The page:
Sinopale (Fourth Sinop Biennial in Turkey): Art in the Era of Corrupted Information
The Fourth Sinop Biennial invites artists and curators to deal with the notion of spreading information through shadows and darkness rather than through light as a response to the existing global politics surrounding development projects in the city of Sinop along the Black Sea coast. The artists are mainly invited to produce interactive work to receive the direct involvement of the residents of the city. Most of the selected artists will be using open source digital technologies, not only for practical reasons for their art production means, but also for the philosophical stand of the open source platform for sharing information and knowledge as opposed to the dominant knowledge production and distribution systems. The artists are not only invited to involve the public in their interactive work dealing with shadow and hidden connotations, but also to provide a variety of workshops to increase public awareness around the decisions about their city, following the prevailing nature of the Sinopale.
The use of shadow as a medium, intentionally or unintentionally intends to invite the viewer’s attention to the unwanted and uncanny images – the shadow. It does not only have boundless possibilities for interactivity and playfulness that opens up a space for collective memory, joy and expression, but also provides an alternative space for spreading information.
Opening: 24 August 2012
Closing: 12 September 2012
Perception of the Shadows as described in Plato’s Allegory of the Cave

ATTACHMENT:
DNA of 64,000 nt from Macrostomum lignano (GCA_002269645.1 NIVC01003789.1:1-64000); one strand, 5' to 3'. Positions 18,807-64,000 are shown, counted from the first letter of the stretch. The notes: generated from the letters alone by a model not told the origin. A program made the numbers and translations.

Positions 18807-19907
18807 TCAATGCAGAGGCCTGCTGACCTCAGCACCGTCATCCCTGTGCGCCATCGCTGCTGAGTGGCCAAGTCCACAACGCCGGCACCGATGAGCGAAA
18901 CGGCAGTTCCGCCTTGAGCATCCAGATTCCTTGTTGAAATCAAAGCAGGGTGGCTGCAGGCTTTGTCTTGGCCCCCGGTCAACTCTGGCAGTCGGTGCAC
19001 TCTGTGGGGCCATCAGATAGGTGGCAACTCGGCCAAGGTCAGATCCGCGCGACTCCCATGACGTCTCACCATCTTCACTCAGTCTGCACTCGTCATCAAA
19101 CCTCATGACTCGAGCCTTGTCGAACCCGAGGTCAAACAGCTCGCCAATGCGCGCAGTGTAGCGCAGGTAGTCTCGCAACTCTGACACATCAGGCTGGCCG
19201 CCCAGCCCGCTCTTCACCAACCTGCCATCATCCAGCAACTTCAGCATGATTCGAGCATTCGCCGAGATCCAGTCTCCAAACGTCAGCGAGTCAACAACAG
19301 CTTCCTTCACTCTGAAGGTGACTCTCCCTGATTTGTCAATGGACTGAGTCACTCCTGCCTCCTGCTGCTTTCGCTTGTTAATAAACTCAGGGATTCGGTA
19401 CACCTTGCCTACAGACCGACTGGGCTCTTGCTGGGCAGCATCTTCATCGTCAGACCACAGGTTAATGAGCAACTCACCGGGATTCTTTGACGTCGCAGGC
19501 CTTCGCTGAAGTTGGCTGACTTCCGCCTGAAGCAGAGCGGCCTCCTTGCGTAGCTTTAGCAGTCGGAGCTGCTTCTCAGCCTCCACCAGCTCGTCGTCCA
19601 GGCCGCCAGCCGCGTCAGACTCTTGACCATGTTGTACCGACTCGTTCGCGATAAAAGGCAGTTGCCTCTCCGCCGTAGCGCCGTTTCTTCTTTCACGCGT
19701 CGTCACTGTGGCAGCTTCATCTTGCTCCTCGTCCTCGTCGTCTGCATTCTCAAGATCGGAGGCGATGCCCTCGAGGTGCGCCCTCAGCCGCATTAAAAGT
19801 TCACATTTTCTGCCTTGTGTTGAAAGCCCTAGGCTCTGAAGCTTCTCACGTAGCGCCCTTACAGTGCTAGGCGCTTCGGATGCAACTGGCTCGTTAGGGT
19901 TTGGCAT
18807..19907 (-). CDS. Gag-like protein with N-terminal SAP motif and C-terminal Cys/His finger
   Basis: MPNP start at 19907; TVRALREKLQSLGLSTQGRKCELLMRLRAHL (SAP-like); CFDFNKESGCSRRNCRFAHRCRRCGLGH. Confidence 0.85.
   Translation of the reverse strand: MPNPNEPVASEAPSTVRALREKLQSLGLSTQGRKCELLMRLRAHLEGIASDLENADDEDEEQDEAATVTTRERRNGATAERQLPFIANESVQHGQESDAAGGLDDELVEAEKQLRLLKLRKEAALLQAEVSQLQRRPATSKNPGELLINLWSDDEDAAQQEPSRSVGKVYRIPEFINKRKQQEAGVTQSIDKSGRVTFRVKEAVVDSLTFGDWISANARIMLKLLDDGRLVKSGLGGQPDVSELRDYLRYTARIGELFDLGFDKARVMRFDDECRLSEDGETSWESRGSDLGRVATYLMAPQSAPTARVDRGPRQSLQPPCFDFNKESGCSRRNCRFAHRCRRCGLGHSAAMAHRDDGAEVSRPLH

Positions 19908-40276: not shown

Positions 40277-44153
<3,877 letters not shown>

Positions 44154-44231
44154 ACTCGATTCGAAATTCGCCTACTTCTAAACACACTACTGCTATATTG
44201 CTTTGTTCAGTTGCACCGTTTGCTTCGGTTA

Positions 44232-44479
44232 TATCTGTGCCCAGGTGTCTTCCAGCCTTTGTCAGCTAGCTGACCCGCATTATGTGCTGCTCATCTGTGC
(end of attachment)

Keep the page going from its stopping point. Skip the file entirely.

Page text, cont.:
In Plato’s fictional dialogue, his friend Socrates begins by describing a scenario in which what people take to be real would in fact be an illusion. He asks Plato’s brother Glaucon to imagine a cave inhabited by prisoners who have been chained and held immobile since childhood: not only are their arms and legs held in place, but their heads are also fixed, compelled to gaze at a wall in front of them. Behind the prisoners is an enormous fire, and between the fire and the prisoners is a raised walkway, along which people walk carrying things on their heads “including figures of men and animals made of wood, stone and other materials”. The prisoners watch the shadows cast by the men, not knowing they are shadows. There are also echoes off the wall from the noise produced from the walkway.
Socrates suggests the prisoners would take the shadows to be real things and the echoes to be real sounds, not just reflections of reality, since they are all they had ever seen or heard. They would praise as clever, whoever could best guess which shadow would come next, as someone who understood the nature of the world, and the whole of their society would depend on the shadows on the wall.
Harun Farocki will participate in Sinop with the movie „Prison Images“ (2000):
A film composed of images from prisons. Quotes from fiction films and documentaries as well as footage from surveillance cameras. A look at the new control technologies, at personal identification devices, electronic ankle bracelets, electronic tracking devices. The cinema has always been attracted to prisons. Today’s prisons are full of video surveillance cameras. These images are unedited and monotonous; as neither time nor space is compressed, they are particularly well-suited to conveying the state of inactivity into which prisoners are placed as a punitive measure. The surveillance cameras show the norm and reckon with deviations from it. Clips from films by Genet and Bresson. Here the prison appears as a site of sexual infraction, a site where human beings must create themselves as people and as a workers.